– Samanth Subramanian

“There is a supposition, too, that travel writing is a postcolonial presumption: a notion that reduces all contact between ‘First World’ and ‘Third World’ cultures to a patronizing act of acquisition. No mention here of travel as an avenue of understanding, of self-education or of empathy. Any meeting between unequal worlds is seen in terms of dominance – a notion that threatens to turn all human contact into paranoia… Whatever the current state of travel writing (which reached its popular peak in the 1980s) its continuance over the centuries belies its death sentence.”

– Colin Thubron

“Instead of finding a Western angle of experience in countries like Vietnam – motorbiking from Hanoi to Saigon, boating in the southern delta, snapping up fabric arts from the Hmong, eating their way down the Mekong, seeking redemption from war experiences or war protests, romanticizing French colonialism, or tracing the ghost of writer Marguerite Duras – maybe writers should stick closer to home. What would it look like to travel to a mall, a local wood, a suburban tract – to deeply study and visit one’s own locale?”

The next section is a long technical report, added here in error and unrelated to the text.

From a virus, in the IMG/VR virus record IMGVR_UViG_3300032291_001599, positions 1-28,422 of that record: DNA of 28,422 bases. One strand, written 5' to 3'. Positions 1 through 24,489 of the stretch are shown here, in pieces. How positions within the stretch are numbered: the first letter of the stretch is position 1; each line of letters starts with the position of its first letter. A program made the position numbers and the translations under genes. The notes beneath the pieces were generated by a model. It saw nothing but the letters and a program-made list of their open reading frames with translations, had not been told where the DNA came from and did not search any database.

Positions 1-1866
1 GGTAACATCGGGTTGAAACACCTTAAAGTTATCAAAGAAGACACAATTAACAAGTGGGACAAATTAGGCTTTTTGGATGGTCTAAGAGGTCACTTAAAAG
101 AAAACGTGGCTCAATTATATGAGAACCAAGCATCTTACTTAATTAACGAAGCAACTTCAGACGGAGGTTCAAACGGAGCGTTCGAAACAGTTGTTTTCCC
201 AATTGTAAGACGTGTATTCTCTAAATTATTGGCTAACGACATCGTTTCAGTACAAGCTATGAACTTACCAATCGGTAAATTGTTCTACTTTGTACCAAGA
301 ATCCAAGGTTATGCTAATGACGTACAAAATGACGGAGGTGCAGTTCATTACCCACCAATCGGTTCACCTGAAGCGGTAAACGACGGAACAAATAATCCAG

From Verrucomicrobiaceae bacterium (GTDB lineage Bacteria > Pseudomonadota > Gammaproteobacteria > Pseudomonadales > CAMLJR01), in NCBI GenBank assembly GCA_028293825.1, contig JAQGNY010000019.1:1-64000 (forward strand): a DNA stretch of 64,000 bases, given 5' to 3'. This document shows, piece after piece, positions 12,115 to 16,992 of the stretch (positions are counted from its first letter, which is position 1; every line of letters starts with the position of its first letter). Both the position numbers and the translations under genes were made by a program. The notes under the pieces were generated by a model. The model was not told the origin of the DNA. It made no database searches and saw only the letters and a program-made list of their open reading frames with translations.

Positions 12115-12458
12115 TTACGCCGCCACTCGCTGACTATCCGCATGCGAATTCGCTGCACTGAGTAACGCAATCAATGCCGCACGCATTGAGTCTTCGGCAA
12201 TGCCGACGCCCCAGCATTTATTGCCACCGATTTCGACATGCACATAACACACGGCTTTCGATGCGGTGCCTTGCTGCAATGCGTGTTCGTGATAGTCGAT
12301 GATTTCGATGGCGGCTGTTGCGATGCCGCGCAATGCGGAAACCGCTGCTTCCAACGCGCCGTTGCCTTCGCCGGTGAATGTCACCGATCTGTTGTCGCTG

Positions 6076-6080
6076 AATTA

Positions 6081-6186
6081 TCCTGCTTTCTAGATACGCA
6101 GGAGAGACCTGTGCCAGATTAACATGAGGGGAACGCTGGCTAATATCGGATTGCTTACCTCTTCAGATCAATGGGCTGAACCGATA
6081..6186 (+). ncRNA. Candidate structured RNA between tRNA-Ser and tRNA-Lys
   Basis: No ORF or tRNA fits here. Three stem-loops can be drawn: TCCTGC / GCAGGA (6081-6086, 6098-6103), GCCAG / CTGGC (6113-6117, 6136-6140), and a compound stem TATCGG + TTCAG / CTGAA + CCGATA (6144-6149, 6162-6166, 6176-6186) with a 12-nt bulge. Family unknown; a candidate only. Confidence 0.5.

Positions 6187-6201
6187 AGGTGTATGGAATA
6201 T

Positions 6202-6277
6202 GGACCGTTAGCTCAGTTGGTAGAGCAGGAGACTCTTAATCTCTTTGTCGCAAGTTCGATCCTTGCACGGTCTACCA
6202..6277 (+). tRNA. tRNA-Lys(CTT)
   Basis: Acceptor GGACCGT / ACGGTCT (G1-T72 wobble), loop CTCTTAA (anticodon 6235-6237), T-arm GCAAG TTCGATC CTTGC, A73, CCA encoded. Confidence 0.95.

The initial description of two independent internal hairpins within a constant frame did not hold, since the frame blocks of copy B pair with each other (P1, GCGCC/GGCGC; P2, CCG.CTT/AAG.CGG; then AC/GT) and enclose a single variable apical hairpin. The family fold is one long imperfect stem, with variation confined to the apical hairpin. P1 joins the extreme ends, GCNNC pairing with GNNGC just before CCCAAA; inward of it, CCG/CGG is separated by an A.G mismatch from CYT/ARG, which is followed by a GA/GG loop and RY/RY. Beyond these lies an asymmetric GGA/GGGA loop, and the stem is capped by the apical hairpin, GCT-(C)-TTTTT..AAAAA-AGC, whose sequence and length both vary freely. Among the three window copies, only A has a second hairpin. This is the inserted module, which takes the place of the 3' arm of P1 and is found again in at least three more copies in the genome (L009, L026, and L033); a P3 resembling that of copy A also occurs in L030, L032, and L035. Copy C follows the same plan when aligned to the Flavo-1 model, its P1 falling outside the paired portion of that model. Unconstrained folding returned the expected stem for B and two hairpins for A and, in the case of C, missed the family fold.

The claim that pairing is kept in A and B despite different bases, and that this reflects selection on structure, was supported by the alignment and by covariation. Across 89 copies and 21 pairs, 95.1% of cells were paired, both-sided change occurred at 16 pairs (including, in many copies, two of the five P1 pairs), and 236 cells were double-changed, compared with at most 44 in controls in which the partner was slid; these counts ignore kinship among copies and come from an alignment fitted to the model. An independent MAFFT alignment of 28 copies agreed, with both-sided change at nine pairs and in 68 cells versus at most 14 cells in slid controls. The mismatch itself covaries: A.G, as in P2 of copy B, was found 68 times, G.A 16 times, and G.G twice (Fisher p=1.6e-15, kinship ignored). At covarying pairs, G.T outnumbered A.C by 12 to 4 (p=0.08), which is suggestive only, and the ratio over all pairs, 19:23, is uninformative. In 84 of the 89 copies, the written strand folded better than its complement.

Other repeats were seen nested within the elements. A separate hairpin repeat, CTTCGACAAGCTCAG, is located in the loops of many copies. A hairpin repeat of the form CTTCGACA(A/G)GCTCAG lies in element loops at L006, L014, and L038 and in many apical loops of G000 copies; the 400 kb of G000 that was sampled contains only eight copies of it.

– Hoa Nguyen

“Travel literature will always be with us. But the centre of experience also shifts in the world. Stupendous traditions end accordingly, and spring up again from new, improbably sources.”

– Rana Dasgupta

Going in Circles

A yellow fidget spinner turning in cirlcesIn 2009, researcher Jan Souman of the Max Planck Institute for Biological Cybernetics in Germany conducted a series of experiments using volunteers wearing GPS tracking devices who were told to walk in a straight line over long distances in wilderness environments.

The tests determined that people who are lost in the wilderness and think they are walking in a straight line, and have no landmarks to rely upon, tend to travel in squiggly, circular trajectories. In other words, they walk in circles.